AMCULT 204 - Themes in American Culture
Section: 013 American Musical Soundscapes: Roots, Routes, and Scenes
Term: WN 2009
Subject: American Culture (AMCULT)
Department: LSA American Culture
Credits:
3
Requirements & Distribution:
HU
Repeatability:
May be elected twice for credit. May be elected more than once in the same term.
Primary Instructor:

  • What would “A Day in the Life of Music in the United States” sound like in 2007?
  • What might it have sounded like in 1907 or 1807?
  • Why do some musics remain rooted within their communities, while others find broader audiences and routes of circulation?
  • How does music operate as sonic markers of inclusion or exclusion?
  • How can music contribute to our thinking about citizenship?

This course will examine relationships between music and place throughout the United States. We will examine a range of musical genres, from placed-based traditions to musics belonging to everyone and no one at the same time. We will also examine a range of book, recording and film/video packaging of “American music/s.” We shall weigh tensions between notions of a “musical mainstream” and “musical subcultures,” and consider how music production and consumption promotes social bonding or marginalization. In conceptualizing relationships between music and place, we will scrutinize the discursive dimensions underlying what musics get heard, where that happens, and who and what is not heard.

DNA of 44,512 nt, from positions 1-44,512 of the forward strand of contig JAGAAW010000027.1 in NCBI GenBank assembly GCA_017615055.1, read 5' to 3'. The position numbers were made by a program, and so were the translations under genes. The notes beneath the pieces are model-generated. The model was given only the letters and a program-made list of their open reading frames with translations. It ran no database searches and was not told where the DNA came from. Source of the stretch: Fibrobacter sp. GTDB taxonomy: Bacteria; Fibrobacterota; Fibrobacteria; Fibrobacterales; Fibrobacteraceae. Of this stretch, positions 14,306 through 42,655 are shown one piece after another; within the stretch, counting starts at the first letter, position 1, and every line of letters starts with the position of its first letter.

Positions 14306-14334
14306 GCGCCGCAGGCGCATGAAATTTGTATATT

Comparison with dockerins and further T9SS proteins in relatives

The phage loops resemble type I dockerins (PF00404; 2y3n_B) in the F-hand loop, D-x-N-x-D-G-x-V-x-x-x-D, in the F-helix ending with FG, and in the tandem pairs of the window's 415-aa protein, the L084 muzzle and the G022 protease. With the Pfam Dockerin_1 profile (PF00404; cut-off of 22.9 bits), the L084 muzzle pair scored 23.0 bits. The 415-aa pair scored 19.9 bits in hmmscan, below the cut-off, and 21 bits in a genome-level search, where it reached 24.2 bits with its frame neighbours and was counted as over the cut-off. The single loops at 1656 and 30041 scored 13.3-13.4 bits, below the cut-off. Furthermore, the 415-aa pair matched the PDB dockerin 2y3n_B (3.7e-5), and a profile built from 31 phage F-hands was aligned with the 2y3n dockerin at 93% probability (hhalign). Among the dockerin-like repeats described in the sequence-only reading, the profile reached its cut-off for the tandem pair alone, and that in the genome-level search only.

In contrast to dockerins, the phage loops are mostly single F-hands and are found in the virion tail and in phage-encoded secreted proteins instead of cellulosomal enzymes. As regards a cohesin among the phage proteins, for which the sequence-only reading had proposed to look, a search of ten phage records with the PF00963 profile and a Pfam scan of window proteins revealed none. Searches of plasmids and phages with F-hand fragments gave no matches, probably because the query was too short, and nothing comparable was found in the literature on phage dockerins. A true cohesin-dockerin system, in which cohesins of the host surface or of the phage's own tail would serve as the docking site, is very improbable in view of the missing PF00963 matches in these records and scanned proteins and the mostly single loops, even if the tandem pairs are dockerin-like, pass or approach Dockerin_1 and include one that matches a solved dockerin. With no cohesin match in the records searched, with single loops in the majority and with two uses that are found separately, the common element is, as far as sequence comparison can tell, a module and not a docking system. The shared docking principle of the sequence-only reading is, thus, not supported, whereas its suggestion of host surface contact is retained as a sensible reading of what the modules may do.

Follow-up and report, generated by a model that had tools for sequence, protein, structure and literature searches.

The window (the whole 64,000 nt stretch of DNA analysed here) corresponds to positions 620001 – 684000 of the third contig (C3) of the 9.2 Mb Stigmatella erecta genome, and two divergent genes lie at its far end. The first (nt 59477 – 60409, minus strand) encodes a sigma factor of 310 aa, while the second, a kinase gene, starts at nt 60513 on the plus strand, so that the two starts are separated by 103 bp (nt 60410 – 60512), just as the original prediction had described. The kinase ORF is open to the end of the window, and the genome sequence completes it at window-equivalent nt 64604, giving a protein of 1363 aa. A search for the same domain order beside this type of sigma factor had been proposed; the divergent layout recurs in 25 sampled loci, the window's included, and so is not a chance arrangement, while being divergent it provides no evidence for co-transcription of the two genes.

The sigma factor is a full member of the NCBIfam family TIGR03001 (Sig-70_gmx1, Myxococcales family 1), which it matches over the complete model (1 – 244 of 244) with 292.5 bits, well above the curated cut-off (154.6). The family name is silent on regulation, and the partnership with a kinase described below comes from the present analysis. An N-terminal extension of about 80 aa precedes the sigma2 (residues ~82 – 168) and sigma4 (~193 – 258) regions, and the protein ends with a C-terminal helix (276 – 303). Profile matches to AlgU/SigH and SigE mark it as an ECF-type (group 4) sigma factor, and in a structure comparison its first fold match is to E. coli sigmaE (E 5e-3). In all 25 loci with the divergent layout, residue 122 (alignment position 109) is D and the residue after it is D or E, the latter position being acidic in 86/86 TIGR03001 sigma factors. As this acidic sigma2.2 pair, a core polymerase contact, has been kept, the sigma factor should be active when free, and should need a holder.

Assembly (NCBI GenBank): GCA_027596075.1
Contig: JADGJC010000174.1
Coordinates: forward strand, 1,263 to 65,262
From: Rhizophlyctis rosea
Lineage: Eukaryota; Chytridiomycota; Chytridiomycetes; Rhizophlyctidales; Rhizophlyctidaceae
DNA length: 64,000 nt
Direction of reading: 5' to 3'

Required reading will include Music in America by Adelaida Reyes (Oxford 2005) and Struggling to Define a Nation: American Music and the Twentieth Century by Charles Hiroshi Garrett (U California Press, 2008). Students will be responsible for an average of three hours of required listening weekly. Access to a high-speed internet connection will be necessary for much of the assigned listening. There will be writing assignments, including a term project. There will be two objective quizzes, an objective midterm exam, and a final exam.

AMCULT 204 - Themes in American Culture
Schedule Listing
001 (REC)
P
24603
Open
10
 
-
TuTh 1:00PM - 2:30PM
Note: Section 001 meets with English 280-002
009 (LEC)
 
27557
Open
4
 
-
MW 10:00AM - 11:00AM
Note: Students will be auto-enrolled in section 009 when they elect a discussion section (sections 010-012).
010 (DIS)
P
27558
Closed
0
 
-
M 1:00PM - 2:00PM
011 (DIS)
P
27656
Closed
0
 
-
M 3:00PM - 4:00PM
012 (DIS)
P
27657
Closed
0
 
-
M 4:00PM - 5:00PM
013 (LEC)
 
27658
Open
6
 
-
MW 1:00PM - 2:00PM
Note: Students will be auto-enrolled in section 013 when they elect a discussion section (sections 014-016).
014 (DIS)
P
27659
Open
1
 
-
Th 1:00PM - 2:00PM
015 (DIS)
P
27660
Open
5
 
-
Th 2:00PM - 3:00PM
016 (DIS)
P
27703
Closed
0
 
-
F 11:00AM - 12:00PM
NOTE: Data maintained by department in Wolverine Access. If no textbooks are listed below, check with the department.


ISBN: 0195146670
Music in America experiencing music, expressing culture, Author: Adelaida Reyes, Publisher: Oxford Univ. Press
Required
ISBN: 9780520254879
Struggling to define a nation : American music and the twentieth century, Author: Charles Hiroshi Garrett., Publisher: University of California Press 2008
Required
ISBN: 0520244249
Audiotopia : music, race, and America, Author: Josh Kun., Publisher: University of California Press 2005
Required
Syllabi are available to current LSA students. IMPORTANT: These syllabi are provided to give students a general idea about the courses, as offered by LSA departments and programs in prior academic terms. The syllabi do not necessarily reflect the assignments, sequence of course materials, and/or course expectations that the faculty and departments/programs have for these same courses in the current and/or future terms.

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